Mogae honours- Parick Van Rensburg
The former president, Festus Mogae will officiate at the late Patrick Van Rensburg’s memorial to be held on Saturday June 24, 2017 at 9 AM at Swaneng Hill School in Serowe.
Van Rensburg is remembered by this nations as a pioneer of alternative education systems, cooperatives and the private press. Mogae is expected to use the opportunity to remind the nation of the importance of education as a gateway to success.
In life Van Rensburg was for our country and region a pioneer of alternative education systems, cooperatives and the private press, as well as an early anti-apartheid activist. He was a principal founder of the Brigades Movement in Botswana, and the Foundation for Education with Production, through which he played a key role in the establishment of Swaneng Hill, Shashe and Madiba secondary schools as well as the Serowe Brigades and Mmegi newspaper.
Born in Durban South Africa, Van Rensburg originally served the country of his birth as a civil servant and diplomat. He resigned from his post as South African Vice-Consul in the then Belgian Congo in 1957, in protest against the apartheid policies. He subsequently joined the later banned Liberal Party of South Africa and became closely involved with the campaign to boycott South African goods, which preceded the Anti-Apartheid Movement. Returning to South Africa his passport was confiscated and after the Sharpeville shootings he was forced to flee the country.
After a brief spell in Britain, where he wrote and published Guilty Land, van Rensburg took up residence in Bechuanaland, subsequently becoming a Botswana citizen. For many years he was a resident in Serowe, where he founded Swaneng Hill School, the Swaneng Consumers Cooperative and Serowe Brigades, including Serowe printing works, which launched the Mmegi newspaper.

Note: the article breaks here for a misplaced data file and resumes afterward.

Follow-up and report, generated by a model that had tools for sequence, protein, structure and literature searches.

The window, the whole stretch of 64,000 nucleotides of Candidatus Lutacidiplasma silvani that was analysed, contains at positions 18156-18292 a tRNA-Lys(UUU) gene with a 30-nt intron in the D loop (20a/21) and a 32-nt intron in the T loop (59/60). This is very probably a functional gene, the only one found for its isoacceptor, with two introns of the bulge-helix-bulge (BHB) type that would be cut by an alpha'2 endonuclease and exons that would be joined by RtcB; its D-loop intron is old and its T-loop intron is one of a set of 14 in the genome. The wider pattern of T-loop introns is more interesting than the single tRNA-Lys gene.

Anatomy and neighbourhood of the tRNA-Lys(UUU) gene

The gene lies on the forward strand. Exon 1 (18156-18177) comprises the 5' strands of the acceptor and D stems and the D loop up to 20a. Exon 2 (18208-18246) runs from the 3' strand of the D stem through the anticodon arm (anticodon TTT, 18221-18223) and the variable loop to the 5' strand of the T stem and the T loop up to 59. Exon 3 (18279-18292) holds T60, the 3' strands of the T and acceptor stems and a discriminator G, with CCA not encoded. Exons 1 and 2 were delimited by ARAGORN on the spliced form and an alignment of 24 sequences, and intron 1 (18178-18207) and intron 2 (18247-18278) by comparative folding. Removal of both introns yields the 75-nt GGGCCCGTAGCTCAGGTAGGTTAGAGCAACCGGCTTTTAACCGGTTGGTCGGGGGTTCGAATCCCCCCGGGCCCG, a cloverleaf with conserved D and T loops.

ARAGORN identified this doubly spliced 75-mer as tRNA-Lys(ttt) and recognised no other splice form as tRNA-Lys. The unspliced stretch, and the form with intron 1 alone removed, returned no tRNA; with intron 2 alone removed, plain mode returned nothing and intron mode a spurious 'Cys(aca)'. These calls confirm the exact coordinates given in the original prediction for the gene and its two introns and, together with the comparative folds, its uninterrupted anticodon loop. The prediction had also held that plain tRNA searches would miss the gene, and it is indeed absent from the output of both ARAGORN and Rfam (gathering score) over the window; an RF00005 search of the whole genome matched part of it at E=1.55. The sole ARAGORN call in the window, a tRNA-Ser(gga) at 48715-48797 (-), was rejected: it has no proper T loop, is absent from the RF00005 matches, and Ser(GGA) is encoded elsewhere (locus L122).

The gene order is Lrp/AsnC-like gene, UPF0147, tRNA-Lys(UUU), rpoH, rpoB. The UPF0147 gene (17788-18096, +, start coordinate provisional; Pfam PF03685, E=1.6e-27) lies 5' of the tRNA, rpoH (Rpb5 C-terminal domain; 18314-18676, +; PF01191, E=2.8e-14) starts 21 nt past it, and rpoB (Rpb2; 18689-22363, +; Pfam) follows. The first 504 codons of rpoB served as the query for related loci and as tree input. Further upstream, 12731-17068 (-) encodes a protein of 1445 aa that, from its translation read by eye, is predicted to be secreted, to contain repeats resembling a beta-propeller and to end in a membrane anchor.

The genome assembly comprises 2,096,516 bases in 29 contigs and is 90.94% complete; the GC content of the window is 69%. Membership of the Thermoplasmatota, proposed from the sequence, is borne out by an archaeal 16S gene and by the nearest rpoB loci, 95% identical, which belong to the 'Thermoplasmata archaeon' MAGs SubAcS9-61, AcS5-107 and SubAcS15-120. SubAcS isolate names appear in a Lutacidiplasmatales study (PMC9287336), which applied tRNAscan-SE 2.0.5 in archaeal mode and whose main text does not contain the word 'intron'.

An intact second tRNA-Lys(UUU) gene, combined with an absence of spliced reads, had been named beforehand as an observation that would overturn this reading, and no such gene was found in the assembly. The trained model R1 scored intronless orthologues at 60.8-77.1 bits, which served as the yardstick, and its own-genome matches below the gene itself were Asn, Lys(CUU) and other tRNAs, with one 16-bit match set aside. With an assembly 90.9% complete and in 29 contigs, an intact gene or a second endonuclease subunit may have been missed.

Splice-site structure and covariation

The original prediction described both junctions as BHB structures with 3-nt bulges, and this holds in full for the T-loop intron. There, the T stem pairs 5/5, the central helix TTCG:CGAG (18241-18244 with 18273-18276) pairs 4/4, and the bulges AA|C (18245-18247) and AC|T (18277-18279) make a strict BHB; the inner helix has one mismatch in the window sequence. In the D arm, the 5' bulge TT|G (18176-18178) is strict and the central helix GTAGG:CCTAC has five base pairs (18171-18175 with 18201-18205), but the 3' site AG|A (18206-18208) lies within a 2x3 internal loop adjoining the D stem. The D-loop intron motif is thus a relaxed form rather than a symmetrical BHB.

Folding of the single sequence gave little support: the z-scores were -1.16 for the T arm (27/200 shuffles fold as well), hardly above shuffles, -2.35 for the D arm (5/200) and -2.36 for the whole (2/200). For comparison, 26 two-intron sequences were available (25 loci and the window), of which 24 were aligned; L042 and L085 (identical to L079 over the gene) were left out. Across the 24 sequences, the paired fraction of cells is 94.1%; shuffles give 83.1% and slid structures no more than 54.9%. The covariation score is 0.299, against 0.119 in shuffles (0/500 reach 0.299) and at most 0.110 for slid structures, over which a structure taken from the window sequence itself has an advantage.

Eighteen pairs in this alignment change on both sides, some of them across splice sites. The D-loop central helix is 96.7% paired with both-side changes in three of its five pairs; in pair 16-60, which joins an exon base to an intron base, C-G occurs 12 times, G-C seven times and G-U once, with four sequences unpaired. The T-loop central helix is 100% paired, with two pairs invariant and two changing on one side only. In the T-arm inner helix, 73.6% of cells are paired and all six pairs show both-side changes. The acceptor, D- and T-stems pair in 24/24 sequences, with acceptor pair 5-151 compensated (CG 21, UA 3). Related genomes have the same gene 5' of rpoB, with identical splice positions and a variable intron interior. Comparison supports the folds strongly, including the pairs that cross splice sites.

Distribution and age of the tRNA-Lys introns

In 1980 he launched the Foundation for Education with Production (FEP) to promote his educational ideas both domestically and internationally.
Van Rensburg’s education approach was rooted in the concept of schools serving as centres of community mobilisation as well as educational and skills development. The curriculums he helped develop included practical subjects like agriculture, building, carpentry, metalwork, technical drawing and typing. New academic subject matter was also introduced in the form of Development Studies, through which students were encouraged to apply the knowledge and skills they were acquiring in socially useful productive work.
In an effort to bring schools within the reach of ordinary people, costs were lowered by the Brigades, which were self-help education and training organisations producing goods and services both for themselves and for public sale to help finance teaching and training.